Last April, French-Tunisian artist eL Seed decided to transform one of Cairo's poorest neighborhoods with his own unique take on graffiti.
The Coptic community of Zaraeeb have been given the name “zabaleen” or "garbage people" by other residents due to their jobs collecting rubbish, which they then take back to their homes to reuse.
"I wanted to create an art piece in Zaraeeb to beautify a place that I thought was dirty and poor," he told BuzzFeed News. "It was a way to say that if you want to look at something in the right way, you need to change the way you look at it."
After almost a year of planning, eL Seed and a team of 20, many of whom are local to the area, set about creating a mural across 50 buildings.
The operation was carried out in secret, both to protect locals and to make sure the government wouldn't be able to halt their plans. Permission was given by a local priest.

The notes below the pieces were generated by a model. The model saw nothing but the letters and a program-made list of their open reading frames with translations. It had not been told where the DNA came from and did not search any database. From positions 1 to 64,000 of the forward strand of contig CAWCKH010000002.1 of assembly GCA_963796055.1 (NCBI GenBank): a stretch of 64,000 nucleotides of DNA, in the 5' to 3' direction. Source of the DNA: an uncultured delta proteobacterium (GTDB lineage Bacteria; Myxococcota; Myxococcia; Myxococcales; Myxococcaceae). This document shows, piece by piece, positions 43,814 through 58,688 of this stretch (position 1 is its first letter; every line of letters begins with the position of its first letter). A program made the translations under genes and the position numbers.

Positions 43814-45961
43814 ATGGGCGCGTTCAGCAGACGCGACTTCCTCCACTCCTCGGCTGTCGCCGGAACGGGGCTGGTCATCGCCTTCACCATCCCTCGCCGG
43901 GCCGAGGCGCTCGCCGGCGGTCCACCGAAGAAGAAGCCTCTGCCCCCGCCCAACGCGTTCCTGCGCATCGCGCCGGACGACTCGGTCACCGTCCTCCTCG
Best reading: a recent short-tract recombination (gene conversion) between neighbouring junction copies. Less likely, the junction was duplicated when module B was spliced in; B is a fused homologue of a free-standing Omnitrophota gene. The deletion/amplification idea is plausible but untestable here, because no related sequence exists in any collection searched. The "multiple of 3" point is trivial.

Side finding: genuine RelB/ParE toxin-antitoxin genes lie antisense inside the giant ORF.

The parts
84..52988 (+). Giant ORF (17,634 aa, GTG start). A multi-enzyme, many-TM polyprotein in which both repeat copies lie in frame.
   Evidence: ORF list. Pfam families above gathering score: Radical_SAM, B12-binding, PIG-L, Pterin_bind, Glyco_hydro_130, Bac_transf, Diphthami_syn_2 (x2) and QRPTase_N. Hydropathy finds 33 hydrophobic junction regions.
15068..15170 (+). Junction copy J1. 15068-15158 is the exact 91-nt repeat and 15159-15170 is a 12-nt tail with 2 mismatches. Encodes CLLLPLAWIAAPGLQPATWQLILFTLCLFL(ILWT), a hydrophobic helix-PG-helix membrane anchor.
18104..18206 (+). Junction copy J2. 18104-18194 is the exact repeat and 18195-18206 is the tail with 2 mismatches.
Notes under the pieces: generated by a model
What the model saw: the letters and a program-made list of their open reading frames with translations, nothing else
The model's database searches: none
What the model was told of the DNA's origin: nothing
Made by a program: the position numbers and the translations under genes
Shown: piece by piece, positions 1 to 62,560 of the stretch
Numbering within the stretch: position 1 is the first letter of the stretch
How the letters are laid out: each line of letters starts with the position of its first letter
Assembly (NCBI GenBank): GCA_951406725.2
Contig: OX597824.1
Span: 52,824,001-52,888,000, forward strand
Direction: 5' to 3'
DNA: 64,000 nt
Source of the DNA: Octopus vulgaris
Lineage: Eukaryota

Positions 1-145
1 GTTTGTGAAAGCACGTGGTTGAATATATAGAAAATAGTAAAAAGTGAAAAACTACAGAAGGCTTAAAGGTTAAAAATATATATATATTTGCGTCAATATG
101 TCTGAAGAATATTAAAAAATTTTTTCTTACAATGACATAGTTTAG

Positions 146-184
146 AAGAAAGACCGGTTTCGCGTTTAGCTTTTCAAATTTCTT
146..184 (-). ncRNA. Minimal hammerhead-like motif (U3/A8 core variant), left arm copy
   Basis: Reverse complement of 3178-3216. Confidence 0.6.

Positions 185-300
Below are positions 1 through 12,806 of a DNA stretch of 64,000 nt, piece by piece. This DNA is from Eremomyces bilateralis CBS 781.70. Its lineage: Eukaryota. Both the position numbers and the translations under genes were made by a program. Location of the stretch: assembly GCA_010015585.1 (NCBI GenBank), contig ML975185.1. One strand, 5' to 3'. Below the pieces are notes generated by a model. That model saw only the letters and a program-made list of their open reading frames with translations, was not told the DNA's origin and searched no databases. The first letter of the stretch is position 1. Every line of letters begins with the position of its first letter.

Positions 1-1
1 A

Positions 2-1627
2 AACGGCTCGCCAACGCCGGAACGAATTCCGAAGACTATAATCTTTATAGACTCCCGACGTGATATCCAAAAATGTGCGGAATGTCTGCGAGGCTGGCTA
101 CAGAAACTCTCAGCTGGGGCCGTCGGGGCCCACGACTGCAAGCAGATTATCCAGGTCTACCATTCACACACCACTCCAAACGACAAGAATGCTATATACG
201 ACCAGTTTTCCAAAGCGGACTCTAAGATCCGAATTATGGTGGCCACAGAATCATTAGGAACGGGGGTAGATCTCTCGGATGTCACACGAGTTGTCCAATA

In total, it took the group three weeks, with them often working long days to complete what eL Seed calls the "calligraffiti" – a mix between intricate Arabic writing and street art.
The finished message reads, "If one wants to see the light of the sun, he must wipe his eyes."
eL Seed said that the impact of the mural, which will stay for as long as the community allows it, was palpable.
"Beyond the art challenge, this whole project was mainly an amazing human experience. The community welcomed my team and I as we were family," he said. "I was moved to see people crying when we left."
Rachael Krishna is a reporter for BuzzFeed News and is based in London.